Title
Transmission electron microscopy study of microstructural evolution in nanograined Ni-Ti microwires heat treated by electric pulse Transmission electron microscopy study of microstructural evolution in nanograined Ni-Ti microwires heat treated by electric pulse
Author
Faculty/Department
Faculty of Sciences. Physics
Publication type
article
Publication
Vaduz ,
Subject
Physics
Source (journal)
Diffusion and defect data : solid state data : part B : solid state phenomena. - Vaduz, 1988, currens
Volume/pages
172/174(2011) , p. 682-687
ISSN
1662-9779
ISI
000303359700105
Carrier
E
Target language
English (eng)
Full text (Publishers DOI)
Affiliation
University of Antwerp
Abstract
Transmission electron microscopy and mechanical testing were employed to investigate the evolution of microstructure and functional superelastic properties of 0.1mm diameter as-drawn Ni-Ti wires subjected to a non-conventional heat treatment by controlled electric pulse current. This method enables a finer control of the recovery and recrystallisation processes taking place during the heat treatment and accordingly a better control on the final microstructure. The best functional properties were obtained for heat-treated Ni-Ti wires having a nanograined microstructure (20-50 nm) partially recovered through polygonization and partially recrystallized. Such microstructure is highly resistant against dislocation slip upon cycling, while microstructures annealed for longer time and showing mostly recrystallized grains were prone to dislocation slip, particularly as the grain size exceeds 100 nm. The density of dislocation defects increased significantly with increasing grain size of the microstructure. The activity of three <100>/{011} slip systems was identified in the largest grains of 500-1200 nm. An additional mode of plastic deformation, {114} compound austenite twinning, was observed in the largest grains of fully recrystallized microstructures. It is proposed that dislocation slip (and possibly deformation twinning) occurring in superelastic cycling is coupled with the stress-induced martensitic transformation.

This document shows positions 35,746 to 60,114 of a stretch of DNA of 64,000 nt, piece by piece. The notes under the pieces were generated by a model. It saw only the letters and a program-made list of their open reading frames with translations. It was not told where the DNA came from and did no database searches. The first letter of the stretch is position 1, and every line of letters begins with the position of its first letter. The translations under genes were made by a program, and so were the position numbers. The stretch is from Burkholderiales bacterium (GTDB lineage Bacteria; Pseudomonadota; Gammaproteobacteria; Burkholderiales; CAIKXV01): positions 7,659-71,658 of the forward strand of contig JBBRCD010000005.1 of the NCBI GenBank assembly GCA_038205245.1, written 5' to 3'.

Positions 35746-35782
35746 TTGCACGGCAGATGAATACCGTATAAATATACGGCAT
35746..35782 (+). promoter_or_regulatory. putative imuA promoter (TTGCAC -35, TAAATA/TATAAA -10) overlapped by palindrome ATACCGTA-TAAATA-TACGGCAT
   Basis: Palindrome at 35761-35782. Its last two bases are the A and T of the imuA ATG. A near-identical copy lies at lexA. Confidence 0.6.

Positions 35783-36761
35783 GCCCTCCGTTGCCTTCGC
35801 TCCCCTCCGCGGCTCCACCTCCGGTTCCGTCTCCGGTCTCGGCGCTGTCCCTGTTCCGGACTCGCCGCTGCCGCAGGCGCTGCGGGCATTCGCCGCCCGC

E-info
https://repository.uantwerpen.be/docman/iruaauth/15e3cb/2c3b7949b0c.pdf
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